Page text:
England were 62-5 at one point, having lost three wickets late on day one and then two more early on day two, but Ollie Pope and Jonny Bairstow led the fightback.
Pope scored an excellent 81 on his return to the Test team, sharing an 89-run partnership with Bairstow and a 71-run partnership with Moeen Ali.
Chris Woakes also scored an excellent fifty, further underlining his impressive all-round credentials.
However, with Pope unable to reach three figures and both Bairstow and Ali getting out for 37 and 35 respectively, Nasser Hussain and Mark Butcher believe England should have ended up getting a much bigger lead.
Hussain claimed that “if there was just a bit more toughness in that middle order then they could almost still be batting”, while Butcher believes England “let India back in” and they should be “150 in front”.
Speaking on Sky Sports, Hussain said: “You can always have a better day but when they were 60-odd for five, to get up to 290 just shows the value of that middle order and Chris Woakes in particular, batting with the tail, got them a healthy lead.
“Both sides actually ended up getting more than expected but you always feel, on a flatter Oval pitch that if there was just a bit more toughness in that middle order then they could almost still be batting.”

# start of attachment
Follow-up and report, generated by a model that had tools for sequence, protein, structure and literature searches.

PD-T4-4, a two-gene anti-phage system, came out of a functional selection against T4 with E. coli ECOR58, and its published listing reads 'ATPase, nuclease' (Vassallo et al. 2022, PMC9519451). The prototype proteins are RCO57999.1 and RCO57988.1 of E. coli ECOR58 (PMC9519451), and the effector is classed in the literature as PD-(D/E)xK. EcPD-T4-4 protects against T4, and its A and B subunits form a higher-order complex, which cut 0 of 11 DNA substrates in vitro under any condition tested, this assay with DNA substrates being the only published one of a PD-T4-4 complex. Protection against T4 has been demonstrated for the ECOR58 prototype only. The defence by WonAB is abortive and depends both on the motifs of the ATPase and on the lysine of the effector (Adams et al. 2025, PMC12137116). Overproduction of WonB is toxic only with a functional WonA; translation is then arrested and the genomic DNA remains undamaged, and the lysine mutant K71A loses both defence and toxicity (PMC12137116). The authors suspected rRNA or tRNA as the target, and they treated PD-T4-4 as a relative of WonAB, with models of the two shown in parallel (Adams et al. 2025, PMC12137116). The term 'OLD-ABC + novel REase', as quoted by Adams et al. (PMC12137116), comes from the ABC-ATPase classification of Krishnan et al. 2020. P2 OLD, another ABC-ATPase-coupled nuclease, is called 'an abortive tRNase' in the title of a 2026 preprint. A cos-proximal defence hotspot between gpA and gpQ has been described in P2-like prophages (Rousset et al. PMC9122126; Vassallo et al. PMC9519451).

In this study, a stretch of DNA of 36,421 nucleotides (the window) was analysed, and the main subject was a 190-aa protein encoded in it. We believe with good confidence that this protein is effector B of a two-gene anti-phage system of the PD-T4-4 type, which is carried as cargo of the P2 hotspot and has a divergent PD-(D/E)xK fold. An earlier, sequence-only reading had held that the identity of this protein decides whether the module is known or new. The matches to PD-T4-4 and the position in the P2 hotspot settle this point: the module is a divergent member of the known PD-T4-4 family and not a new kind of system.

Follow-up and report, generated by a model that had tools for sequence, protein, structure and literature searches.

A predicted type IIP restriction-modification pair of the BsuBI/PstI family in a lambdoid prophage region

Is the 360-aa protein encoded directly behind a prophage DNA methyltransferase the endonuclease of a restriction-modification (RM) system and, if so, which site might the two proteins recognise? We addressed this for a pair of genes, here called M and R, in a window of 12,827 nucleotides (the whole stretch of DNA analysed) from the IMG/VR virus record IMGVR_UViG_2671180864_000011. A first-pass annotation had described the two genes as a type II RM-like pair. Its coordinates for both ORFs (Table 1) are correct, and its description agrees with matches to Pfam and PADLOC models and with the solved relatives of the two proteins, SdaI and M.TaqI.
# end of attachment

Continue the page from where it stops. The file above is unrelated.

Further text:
Butcher then added: “It’s easy to forget they were five down for 60 but I think there was an occasion there towards the back end towards the lunch and tea break and onwards where India had ran out of ideas.
“They weren’t able to make the ball move so much, it was getting soft which they were complaining about and they couldn’t stem the flow of runs from Moeen Ali and Ollie Pope.
“But then England let them back in again and I’m not criticising Moeen for trying to have a go at the left-arm spinner, he has the best strike-rate against spin of anybody in the world in white-ball cricket so he can take down the left-arm spinner.
Julian Finney/Getty Images)
“It’s the option that has blown people’s minds about Moeen Ali throughout his career. How can a guy who’s so good and with so many options often pick the wrong one?
“Mid-off and mid-on were up, there were two men back on the leg side for that slog sweep and he went for the slog sweep when he could bash it over long-on and long-off and there was nobody back.
“Was it the right option in being aggressive? Yes. Did he take the right option to do it? Probably not. That is what let India back in and what has been the difference between England being 99 in front and perhaps being 150 in front and that might make a massive difference.”